In Colorado movie theater, 12 dead and at least 50 wounded.
If there’s one thing we’re good at, it’s protecting the rights of people to stockpile weapons:
(CBS/AP) AURORA, Colo. – A gas mask-wearing gunman opened fire early Friday at a suburban Denver movie theater, leaving at least 12 people dead and dozens more injured, police said.
The violent and chaotic scene erupted about 12:30 a.m. local time as the suspected gunman, identified as 24-year-old James Holmes, stood at the front of one of the Century 16 theaters at the Aurora Mall where the latest Batman movie “The Dark Knight Rises” was playing. Witnesses reported that the gunman entered the theater through an emergency exit door and threw a gas canister before opening fire.
“Then it was a blur,” Spenser Sherman told “CBS This Morning” said. “Then I heard a couple gunshots.”
“I thought it was part of the movie, like a fun little prank – that it would be over in a few seconds. It obviously wasn’t.”
She said she only saw a silhouette of the suspect, and that the gunman said nothing.
“Everybody had dropped to the floor after the first couple gunshots, and then he fired some more. And then after that, there was a pause in the gunshots. Some people say he was reloading, I don’t know. But at that point, my boyfriend was like ‘This is the time, we need to go, we need to get out of the theater right now.’ So we ran.”
Jennifer Seeger told CBS Station KCNC the suspect first fired up towards the ceiling, as if to scare people, and then started spraying the audience. He pointed the gun directly at her; she ducked. “He had a gas mask on so I couldn’t see his face,” she said. “All I smelled was gunpowder in the air, and gas was getting to me.”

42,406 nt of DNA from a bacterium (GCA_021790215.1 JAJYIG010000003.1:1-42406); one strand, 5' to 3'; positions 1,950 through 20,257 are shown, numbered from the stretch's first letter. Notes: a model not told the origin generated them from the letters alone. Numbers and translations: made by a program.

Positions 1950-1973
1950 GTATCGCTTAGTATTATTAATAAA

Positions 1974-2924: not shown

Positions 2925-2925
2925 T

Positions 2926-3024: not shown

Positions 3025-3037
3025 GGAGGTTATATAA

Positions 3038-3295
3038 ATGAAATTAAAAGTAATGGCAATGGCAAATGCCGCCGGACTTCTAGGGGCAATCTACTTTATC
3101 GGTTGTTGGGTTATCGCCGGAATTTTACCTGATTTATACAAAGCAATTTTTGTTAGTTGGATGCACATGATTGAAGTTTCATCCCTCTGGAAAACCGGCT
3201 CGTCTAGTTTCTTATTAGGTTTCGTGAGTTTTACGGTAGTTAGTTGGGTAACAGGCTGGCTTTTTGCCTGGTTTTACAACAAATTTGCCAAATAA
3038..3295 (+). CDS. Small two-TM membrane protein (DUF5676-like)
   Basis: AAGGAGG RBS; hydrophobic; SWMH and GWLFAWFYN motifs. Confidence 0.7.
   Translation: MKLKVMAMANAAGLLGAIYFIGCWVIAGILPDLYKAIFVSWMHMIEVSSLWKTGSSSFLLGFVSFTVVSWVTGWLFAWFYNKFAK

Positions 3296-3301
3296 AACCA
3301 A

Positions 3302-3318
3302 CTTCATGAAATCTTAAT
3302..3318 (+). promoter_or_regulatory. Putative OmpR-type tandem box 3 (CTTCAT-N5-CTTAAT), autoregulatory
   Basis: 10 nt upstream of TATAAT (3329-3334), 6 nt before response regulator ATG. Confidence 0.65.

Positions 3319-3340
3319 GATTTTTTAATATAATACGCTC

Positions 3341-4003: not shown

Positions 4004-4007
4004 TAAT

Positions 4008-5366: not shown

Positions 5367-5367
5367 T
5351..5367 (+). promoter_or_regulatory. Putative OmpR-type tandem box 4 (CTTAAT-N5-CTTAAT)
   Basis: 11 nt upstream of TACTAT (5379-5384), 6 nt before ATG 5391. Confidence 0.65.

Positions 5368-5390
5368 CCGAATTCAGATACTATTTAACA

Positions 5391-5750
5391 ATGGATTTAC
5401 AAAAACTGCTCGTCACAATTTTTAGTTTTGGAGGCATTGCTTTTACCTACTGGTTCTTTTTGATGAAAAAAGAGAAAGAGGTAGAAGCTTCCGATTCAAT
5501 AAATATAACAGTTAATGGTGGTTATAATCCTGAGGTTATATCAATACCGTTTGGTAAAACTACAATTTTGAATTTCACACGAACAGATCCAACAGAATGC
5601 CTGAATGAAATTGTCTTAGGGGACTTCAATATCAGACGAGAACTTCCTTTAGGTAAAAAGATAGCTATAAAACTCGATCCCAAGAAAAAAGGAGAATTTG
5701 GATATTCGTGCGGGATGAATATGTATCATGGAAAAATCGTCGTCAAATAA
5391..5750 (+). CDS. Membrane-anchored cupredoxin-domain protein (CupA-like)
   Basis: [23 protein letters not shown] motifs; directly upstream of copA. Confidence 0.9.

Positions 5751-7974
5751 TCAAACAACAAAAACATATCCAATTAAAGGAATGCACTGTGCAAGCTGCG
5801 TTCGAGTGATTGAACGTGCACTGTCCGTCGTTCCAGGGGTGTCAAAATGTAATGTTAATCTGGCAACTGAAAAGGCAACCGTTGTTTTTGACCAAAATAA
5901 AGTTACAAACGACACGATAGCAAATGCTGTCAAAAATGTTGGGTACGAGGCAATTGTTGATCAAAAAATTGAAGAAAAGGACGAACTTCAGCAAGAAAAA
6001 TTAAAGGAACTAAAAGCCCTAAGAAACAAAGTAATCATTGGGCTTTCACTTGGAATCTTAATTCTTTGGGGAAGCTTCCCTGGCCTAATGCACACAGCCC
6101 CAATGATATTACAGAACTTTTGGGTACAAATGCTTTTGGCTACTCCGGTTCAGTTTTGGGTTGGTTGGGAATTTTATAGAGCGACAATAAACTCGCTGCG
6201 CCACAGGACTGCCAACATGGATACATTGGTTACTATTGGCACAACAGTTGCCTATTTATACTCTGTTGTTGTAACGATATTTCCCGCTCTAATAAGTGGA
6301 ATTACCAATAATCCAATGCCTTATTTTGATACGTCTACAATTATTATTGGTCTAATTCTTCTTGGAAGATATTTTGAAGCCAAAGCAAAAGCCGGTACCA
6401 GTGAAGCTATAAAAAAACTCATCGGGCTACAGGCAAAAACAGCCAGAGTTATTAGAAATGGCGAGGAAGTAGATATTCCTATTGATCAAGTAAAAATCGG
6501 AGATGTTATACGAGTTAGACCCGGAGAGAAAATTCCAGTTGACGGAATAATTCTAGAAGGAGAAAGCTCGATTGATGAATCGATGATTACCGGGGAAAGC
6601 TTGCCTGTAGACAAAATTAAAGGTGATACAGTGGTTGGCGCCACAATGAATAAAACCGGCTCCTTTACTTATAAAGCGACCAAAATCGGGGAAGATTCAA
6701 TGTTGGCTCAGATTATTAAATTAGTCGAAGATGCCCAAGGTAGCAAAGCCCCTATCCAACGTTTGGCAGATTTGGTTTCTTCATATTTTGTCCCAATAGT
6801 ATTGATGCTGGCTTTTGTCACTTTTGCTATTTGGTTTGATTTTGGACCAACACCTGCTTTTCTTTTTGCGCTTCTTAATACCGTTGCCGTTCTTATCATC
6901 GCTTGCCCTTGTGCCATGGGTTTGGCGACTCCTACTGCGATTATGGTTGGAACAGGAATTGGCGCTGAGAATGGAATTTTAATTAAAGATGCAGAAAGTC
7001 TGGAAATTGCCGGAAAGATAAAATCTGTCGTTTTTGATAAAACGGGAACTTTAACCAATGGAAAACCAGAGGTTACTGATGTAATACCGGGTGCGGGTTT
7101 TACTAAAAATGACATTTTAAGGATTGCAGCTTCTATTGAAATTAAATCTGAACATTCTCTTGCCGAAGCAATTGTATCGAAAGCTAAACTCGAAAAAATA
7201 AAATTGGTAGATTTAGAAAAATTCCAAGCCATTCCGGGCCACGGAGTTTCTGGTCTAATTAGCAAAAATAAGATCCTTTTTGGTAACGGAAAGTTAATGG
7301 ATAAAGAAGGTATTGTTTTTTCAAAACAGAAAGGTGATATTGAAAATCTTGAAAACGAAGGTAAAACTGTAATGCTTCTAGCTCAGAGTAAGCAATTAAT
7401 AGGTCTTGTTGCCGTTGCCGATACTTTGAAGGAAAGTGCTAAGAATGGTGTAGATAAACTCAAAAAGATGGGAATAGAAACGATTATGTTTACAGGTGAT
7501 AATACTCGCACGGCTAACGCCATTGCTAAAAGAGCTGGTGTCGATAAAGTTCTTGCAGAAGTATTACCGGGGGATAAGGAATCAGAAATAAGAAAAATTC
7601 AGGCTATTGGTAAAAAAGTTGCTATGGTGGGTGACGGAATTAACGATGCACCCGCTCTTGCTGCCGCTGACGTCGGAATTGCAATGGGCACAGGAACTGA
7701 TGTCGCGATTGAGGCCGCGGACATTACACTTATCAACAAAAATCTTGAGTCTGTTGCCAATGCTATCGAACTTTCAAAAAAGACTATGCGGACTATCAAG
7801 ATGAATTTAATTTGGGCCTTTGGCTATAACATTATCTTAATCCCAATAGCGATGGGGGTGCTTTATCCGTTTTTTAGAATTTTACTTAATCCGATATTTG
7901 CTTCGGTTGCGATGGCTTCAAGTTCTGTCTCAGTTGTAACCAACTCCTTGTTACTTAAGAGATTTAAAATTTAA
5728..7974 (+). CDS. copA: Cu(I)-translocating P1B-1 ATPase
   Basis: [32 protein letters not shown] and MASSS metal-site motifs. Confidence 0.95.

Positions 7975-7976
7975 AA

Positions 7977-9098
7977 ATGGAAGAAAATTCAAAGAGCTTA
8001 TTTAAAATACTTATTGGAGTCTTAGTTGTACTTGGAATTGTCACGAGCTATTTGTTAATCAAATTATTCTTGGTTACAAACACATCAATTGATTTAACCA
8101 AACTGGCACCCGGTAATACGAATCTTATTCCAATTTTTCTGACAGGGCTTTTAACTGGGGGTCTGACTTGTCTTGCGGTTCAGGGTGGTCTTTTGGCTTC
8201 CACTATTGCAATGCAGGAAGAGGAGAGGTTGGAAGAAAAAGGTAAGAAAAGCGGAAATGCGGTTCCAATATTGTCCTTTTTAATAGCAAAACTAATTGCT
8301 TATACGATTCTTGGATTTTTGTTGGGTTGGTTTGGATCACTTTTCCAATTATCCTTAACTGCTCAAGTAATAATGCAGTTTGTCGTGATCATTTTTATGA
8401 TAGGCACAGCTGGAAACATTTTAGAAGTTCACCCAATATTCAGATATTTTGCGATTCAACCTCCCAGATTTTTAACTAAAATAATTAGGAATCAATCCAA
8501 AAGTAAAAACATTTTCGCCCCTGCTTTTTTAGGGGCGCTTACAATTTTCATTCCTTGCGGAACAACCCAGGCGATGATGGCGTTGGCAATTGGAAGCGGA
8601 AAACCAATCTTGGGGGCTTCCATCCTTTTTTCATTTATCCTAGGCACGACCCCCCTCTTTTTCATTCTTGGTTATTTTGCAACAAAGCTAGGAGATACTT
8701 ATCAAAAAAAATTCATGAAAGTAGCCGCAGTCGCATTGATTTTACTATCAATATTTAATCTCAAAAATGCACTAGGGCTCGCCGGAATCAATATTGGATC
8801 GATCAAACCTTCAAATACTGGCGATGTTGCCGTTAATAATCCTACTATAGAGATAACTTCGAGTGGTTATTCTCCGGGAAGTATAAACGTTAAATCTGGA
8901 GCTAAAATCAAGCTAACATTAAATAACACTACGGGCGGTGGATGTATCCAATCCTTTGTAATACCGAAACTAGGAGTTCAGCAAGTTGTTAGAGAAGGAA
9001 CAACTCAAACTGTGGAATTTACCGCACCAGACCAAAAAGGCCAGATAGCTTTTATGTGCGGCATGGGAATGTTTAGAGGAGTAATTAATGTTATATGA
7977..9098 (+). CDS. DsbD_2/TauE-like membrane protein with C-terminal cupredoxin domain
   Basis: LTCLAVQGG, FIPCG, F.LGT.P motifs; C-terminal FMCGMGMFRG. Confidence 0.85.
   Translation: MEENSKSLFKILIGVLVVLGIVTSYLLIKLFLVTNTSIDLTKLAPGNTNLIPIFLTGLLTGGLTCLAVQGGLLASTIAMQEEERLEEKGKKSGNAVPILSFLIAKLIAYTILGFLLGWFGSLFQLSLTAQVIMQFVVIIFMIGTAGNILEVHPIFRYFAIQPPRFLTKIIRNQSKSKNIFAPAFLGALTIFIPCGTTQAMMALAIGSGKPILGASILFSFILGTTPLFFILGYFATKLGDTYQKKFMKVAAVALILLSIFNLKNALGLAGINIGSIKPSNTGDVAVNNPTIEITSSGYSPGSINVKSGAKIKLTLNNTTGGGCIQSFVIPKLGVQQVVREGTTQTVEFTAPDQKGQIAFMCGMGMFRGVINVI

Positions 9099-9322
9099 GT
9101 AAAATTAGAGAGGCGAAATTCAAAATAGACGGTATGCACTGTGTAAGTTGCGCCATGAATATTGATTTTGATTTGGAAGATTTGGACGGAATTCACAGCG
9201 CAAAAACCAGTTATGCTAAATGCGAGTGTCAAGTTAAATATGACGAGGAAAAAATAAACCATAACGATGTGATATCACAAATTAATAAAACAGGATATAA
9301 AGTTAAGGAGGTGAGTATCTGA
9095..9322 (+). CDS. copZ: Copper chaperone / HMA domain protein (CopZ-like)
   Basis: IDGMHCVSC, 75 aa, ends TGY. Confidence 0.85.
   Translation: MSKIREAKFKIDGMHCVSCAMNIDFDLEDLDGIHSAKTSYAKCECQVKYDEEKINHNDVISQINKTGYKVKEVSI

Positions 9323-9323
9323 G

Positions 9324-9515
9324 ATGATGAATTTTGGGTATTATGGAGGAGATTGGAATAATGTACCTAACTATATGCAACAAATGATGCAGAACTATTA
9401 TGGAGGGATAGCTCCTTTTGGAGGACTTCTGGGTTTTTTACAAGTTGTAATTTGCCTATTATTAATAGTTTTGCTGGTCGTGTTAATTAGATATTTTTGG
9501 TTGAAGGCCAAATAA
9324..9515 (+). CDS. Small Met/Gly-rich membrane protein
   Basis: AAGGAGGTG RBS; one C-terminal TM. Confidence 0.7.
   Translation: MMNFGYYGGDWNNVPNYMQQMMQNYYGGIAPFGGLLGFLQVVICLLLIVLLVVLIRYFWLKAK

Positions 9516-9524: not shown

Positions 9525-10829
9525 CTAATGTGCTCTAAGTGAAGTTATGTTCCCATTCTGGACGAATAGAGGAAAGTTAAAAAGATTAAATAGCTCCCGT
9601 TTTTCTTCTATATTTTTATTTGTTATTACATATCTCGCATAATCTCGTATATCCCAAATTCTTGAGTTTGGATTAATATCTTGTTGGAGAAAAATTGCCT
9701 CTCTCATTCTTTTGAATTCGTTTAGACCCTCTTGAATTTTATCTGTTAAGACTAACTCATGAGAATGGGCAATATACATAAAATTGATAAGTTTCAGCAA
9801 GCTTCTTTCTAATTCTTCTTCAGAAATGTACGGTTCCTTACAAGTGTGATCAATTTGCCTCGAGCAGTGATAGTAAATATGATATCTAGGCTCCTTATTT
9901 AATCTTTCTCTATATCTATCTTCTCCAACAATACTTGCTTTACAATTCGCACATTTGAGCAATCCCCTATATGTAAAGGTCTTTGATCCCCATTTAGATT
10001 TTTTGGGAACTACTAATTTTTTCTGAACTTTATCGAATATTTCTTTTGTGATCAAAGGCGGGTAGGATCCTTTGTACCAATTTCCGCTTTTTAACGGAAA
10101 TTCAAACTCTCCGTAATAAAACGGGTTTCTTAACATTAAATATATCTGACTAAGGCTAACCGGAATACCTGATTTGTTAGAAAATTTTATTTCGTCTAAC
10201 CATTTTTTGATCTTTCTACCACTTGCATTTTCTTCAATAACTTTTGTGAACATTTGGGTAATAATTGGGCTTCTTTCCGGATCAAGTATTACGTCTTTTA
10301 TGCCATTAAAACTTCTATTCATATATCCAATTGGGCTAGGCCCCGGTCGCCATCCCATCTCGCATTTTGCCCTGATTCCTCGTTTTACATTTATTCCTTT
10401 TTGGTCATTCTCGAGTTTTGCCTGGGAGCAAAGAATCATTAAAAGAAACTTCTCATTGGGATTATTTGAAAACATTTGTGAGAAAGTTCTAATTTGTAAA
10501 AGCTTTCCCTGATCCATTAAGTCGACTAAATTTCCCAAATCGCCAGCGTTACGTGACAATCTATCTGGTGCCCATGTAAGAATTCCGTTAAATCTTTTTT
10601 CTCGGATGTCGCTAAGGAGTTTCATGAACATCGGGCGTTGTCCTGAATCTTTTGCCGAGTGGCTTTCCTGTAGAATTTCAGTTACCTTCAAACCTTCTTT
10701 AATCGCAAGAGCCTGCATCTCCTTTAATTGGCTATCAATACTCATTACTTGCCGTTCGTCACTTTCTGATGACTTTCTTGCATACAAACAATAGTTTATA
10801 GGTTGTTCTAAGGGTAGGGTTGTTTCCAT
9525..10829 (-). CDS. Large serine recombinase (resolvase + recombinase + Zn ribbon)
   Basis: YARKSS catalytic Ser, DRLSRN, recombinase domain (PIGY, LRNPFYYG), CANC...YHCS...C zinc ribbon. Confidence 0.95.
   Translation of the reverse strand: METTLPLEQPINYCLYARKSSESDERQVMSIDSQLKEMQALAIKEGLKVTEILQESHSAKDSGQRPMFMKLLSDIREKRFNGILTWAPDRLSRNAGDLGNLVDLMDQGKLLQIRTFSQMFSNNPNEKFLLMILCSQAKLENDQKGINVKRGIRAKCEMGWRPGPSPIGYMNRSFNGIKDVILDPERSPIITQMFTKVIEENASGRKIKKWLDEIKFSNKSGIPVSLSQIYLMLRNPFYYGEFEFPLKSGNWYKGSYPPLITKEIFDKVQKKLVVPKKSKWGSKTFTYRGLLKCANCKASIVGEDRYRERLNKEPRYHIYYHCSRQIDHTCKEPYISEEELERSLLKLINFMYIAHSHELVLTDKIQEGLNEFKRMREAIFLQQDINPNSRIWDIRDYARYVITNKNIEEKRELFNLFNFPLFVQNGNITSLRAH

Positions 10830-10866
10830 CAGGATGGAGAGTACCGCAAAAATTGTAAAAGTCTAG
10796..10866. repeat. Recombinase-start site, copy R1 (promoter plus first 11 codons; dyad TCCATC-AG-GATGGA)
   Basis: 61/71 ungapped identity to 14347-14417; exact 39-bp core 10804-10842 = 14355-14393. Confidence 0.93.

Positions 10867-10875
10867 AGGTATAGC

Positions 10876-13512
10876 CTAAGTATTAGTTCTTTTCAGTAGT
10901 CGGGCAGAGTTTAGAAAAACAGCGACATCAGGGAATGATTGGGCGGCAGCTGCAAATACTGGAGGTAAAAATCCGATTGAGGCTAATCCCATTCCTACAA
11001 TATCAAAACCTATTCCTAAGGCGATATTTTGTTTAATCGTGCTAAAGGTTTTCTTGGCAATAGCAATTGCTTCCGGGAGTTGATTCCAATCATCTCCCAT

UPDATE: This is pretty chilling.
UPDATE: The shooter reportedly withdrew as a student from an area medical school.
WASHINGTON — The share of the nation’s wealth held by the less affluent half of American households dropped precipitously after the financial crisis, to 1.1 percent, according to new calculations by Congress’s nonpartisan research service.
By contrast, the share of total net worth held by the weathiest 1 percent of American households continued rising, hitting 34.5 percent in 2010. The top 10 percent’s share was 74.5 percent.
The bottom half’s share of wealth has declined since it reached a high of 3.6 percent in 1995. But the most dramatic drop occurred after 2007, according to the analysis of data from the Federal Reserve’s latest Survey of Consumer Finances.
Another staggering indicator of the concentration of wealth at the top in the U.S: When all household wealth is divided by the number of households, the mean household net worth in 2010 totals $498,800. But the median household net worth — the level at which half the households have more and half have less — was $77,300, meaning that the rich have so much that the average net worth in the U.S. is actually 6.5 times that of a typical American family.